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To say business that this year’s MODEX event was widely, if not wildly, anticipated is more than reasonable, given the months it’s been since many


To say that this year’s MODEX event was widely, if not wildly, anticipated is reasonable, given the months it’s been since many attendees have seen this many faces, masked or unmasked, in a single day. While a few were masked, most presenters and audiences were not. The many exhibitors were upbeat as they shared the latest inventions and processes that are and will be impacting the supply chain. The twitterverse was alive with pictures of tweeters with their “long-lost” friends.

The prime questions at the conference dealt with whether the changes in consumer and supply chain behavior are permanent and, if so, to what extent. The first item was almost universally answered affirmatively, but no consensus existed for the second. Yes, e-commerce is on the rise. Will the same pace of growth exist? Probably not. 

SSI Schaefer’s Saif Sabti, VP Business Development and Strategy, and John Barre, executive sales manager, reported that e-commerce had seen 39% YOY increases but they predicted that growth will slow to something more like 18%-23%. Some 82% of Boomers say they will go back to brick-and-mortar stores, but, even if that happens, it’s not clear if retailers should prepare for changed expectations regarding inventory, payment, and delivery. Millennials and Gen Xers confirm their use of e-commerce will continue. 

If changes in behavior were the underlying issues addressed in 2022, the answer to problems arising from these changes could be summed up in one word:  automation. Automation was presented as ultimately less expensive than human labor, faster than humans—important as the orders increase, and better for the workers who are present. Ergonomics are better if the number of steps workers take and the weight they must transport are reduced. 

Considering MODEX 2020’s panel on COVID, which grossly underestimated its effects, it seems prudent to include here the session that was NOT about a new machine, application, or process. Under Attack:  What Ukraine Means for Global Supply Chains could not have been timelier. Beyond the humanitarian concerns involving the American Logistics Aid Network, its executive director, Kathy Fulton, led this session on business and economic implications. Panelists were Alan Amling, Distinguished Fellow at UT Supply Chain Institute, University of Tennessee at Knoxville, and CEO of Thrive and Advance, LLC, and David Shillingford, cChief sStrategy oOfficer, Everstream Analytics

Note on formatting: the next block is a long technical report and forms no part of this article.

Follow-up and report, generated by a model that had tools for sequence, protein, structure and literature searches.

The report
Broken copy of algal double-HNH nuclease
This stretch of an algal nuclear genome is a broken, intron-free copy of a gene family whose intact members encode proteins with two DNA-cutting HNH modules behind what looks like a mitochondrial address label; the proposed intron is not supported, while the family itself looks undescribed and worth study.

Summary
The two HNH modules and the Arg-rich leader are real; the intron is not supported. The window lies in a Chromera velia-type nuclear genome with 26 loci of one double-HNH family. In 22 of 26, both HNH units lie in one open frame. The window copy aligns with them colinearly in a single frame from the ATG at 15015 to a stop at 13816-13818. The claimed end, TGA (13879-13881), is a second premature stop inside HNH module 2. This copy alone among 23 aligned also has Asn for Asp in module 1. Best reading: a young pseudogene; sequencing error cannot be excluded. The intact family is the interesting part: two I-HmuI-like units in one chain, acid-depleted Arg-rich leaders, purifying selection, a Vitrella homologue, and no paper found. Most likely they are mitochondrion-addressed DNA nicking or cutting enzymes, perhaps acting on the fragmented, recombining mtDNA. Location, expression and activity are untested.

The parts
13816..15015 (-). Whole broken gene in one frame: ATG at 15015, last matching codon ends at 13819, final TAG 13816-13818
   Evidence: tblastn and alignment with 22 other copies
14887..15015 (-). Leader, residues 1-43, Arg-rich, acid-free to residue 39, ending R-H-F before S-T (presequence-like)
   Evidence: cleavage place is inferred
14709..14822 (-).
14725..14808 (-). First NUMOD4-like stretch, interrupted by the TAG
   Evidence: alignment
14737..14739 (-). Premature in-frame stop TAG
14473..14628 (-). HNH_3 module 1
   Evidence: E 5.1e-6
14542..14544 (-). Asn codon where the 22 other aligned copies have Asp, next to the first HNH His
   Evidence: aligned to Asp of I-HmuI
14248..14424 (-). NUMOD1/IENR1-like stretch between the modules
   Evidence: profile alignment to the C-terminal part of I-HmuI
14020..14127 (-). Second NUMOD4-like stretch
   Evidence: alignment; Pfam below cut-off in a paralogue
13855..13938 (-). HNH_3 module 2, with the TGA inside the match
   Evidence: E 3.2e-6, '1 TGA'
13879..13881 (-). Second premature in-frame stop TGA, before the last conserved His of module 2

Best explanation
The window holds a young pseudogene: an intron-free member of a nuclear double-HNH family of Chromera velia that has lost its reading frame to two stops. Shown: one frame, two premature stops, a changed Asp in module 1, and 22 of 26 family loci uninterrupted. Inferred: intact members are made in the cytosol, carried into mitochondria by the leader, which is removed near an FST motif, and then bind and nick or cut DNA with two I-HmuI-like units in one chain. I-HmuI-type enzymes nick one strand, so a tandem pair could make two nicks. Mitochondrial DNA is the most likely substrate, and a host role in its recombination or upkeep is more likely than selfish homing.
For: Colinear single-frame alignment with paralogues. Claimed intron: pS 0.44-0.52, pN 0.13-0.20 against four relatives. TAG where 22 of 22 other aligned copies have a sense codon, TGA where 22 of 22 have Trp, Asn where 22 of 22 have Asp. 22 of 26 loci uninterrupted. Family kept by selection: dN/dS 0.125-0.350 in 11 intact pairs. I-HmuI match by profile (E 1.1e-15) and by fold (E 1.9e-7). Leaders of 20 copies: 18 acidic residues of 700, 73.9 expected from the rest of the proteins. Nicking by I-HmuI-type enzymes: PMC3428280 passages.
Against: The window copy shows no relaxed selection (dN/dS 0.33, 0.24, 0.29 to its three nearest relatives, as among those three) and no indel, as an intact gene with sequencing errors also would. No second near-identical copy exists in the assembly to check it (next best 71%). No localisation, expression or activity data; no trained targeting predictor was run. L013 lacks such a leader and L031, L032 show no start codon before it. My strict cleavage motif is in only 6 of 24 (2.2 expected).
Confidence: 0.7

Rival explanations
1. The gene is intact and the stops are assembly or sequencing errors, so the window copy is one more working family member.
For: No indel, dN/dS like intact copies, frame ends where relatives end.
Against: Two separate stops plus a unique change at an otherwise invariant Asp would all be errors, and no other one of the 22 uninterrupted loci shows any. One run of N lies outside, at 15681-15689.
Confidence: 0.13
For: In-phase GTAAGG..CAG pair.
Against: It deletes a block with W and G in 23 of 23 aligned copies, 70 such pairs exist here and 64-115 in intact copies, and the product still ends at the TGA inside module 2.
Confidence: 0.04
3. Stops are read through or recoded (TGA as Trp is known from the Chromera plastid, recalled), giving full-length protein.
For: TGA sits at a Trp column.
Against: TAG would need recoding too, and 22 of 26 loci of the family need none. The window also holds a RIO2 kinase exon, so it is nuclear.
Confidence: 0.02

Amling and Shillingford pointed out that supply chains connect many businesses to Ukraine and Russia. That connection, however, may not be obvious, even to the businesses themselves. Shillingford told us that 90% of the world’s sunflower oil comes from Russia. Why should this matter to us? Because Lays and Ruffles primarily use sunflower oil. Groceries and snack machine vendors are unlikely to have considered this as they assessed the risk the Ukraine situation poses to their businesses. In the case of war and embargoes, items may become more expensive or, worse case, unobtainable. Sunflower oil will be more expensive, and Lays may shift to olive oil or some other alternative. In contrast to the rare earth minerals, recently provided by both Russia and Ukraine, oil is a small problem. Those minerals may be unobtainable, and some have no known substitutes.

The panelists continued discussing risk. They said that businesses know their Tier One suppliers, but few know all their Tier Two supplies, or the Tier One’s of their Tier Twos. This time the disruption in the chain is geopolitical; two years ago, it was medical. COVID-19 infections and/or various governments’ responses to actual infections and to reduce spread have rippled through the supply chain. Weather, earthquakes, and climate degradation are also risks. Back in 2006 in Harvard Business Review, Elizabeth Economy and Kenneth Lieberthal wrote that China lost $31 billion in industrial output due to a lack of water clean enough to run the factories. Amling proposed that companies create scenarios that focus not on the cause but on how their business could respond to disruptions to inputs and outputs.